For once, our happy birthday wish really has something to do with births, specifically the significance of birth cohorts for litigation strategies and tactics. The actor Paul Rudd is celebrating his birthday today. We like Paul Rudd. We liked him when we first saw him in Clueless. We liked him in all those Judd Apatow and Apatow-esque movies, such as The 40 Year Old Virgin, Knocked Up, Forgetting Sarah Marshall, and I Love You Man. Rudd is likeable even when he is playing a jerk, as in Wet Hot American Summer (both the film and the Netflix series). IMDB lists 100(!) acting credits for Rudd. Rudd usually plays comedy, but we also saw him in a grim Broadway play called “Grace” a couple of years ago. We liked him in that. Pretty much everybody likes Rudd. There’s even a current Bud Light ad campaign where Seth Rogen and Amy Schumer mention how everybody likes Paul Rudd. Rudd seems to have lots of friends in Hollywood. He shows up in projects with the same people again and again, as in the Anchorman films. He has been in five films with Elizabeth Banks, for example. In fact, this ensemble-ness is something we’ve noticed with Generation X entertainers. They seem very collaborative. They show up in each others’ projects, sometimes uncredited, in a free-flowing, generous manner. (Contrast that with the leering booziness of the Rat Pack). Gen X has been defined in various ways, but those definitions seem to cluster around the cohort of people born between 1965 and 1981. Rudd was born in 1969. Ben Stiller was born in 1965. John Cusack was born in 1966. Apatow was born in 1967. Banks was born in 1974. Gen X is a much smaller cohort (approx. 47 million) than the Baby Boomers (80 million) and the Boomers’ children, the Millennials (76 million).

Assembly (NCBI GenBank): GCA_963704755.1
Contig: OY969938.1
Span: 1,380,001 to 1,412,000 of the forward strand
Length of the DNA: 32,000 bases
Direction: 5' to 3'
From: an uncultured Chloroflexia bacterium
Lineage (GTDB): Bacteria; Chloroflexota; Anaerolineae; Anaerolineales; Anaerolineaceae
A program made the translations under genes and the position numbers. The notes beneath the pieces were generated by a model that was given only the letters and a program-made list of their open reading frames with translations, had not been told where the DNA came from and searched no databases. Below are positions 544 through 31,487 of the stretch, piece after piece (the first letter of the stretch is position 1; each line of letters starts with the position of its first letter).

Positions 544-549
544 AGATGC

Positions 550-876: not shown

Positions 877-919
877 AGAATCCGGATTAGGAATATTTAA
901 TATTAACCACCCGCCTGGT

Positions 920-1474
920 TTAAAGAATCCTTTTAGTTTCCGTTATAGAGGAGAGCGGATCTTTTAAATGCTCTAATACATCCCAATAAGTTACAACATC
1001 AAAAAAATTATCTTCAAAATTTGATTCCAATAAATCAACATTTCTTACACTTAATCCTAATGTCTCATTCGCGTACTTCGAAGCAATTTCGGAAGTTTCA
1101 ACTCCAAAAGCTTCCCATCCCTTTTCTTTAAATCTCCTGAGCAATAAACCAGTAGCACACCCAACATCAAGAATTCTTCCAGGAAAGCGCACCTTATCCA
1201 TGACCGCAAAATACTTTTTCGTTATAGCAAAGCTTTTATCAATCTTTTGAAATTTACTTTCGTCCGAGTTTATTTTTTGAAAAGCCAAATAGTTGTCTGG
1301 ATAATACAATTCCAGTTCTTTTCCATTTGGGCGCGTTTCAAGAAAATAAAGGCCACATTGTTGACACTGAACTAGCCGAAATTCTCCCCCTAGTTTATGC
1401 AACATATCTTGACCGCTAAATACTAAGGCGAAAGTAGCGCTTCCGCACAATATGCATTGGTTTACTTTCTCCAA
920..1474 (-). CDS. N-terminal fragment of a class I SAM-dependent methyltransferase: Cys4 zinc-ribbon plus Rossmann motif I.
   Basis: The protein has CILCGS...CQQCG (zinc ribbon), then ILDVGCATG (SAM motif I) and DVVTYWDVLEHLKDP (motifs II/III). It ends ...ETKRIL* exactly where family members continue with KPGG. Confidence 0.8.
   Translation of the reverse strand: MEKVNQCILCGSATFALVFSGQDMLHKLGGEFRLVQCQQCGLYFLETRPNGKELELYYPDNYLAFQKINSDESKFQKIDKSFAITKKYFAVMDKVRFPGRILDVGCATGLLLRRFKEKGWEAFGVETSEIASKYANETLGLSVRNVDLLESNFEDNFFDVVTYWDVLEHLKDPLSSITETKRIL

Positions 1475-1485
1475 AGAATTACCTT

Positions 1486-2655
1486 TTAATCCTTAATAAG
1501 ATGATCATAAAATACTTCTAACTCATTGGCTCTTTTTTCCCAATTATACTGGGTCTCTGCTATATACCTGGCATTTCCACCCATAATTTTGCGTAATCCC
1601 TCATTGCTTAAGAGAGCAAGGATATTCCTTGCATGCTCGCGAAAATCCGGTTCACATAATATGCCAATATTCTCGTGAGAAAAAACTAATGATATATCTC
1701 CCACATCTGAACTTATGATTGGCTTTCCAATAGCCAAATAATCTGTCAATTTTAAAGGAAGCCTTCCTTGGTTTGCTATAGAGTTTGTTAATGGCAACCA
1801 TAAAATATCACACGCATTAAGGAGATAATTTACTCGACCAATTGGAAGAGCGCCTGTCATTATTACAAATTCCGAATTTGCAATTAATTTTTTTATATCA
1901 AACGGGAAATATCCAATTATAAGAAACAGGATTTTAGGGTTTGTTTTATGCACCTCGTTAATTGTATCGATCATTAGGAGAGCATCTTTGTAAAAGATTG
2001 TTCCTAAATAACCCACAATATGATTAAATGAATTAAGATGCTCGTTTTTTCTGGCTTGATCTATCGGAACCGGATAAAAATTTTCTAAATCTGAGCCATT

Has there ever been a more maligned generation than X? They were called slackers and whiners. They were deemed the sandwich generation, bitter about the Boomers’ relentless self-centeredness and the Boomers’ seeming determination to keep the seats in corporate America warm for the Millennials. The economy seemed to have no great love for X-ers, and the X-ers returned the favor. These generational generalizations are necessarily wrong almost as often as they are right, but everybody plays this game, so we’ll play along. According to the conventional wisdom, as in a widely read 1990 article in Time Magazine, Gen X-ers are indecisive, have low SAT scores and short-attention spans, and sneer at status. It was also said that a huge chunk of Gen X has been wounded, maybe even scarred, by divorce. Every generation is said to have its big childhood (or ‘emerging adulthood” – a term invented for Gen X) imprint moments. For Boomers, the JFK assassination, Vietnam, and Watergate are the unforgettable events. Gen X’s biggest moment was supposedly sitting in a classroom and watching the Challenger shuttle blow up with a schoolteacher aboard. But the conventional wisdom ( e.g., a 1997 article in Time) has shifted. It’s as if we fogies woke up one day and realized that Gen X cuts a pretty pleasant profile. It’s a stereotype, of course, but Gen X is now viewed as prizing work-life balance, multiculturalism, tolerance, and collaboration. The X-ers still resist snobbery, but express that sentiment by prizing and elevating the quotidian. Is it any accident that Aaron Franklin, the reigning guru of barbecue, is an X-er? Take a stroll through your average downtown, and much of what makes that downtown wonderful is the work of X-ers. Who do you think is responsible for all those microbrews on tap, as opposed to the bad old days where Schlitz was the exotic option?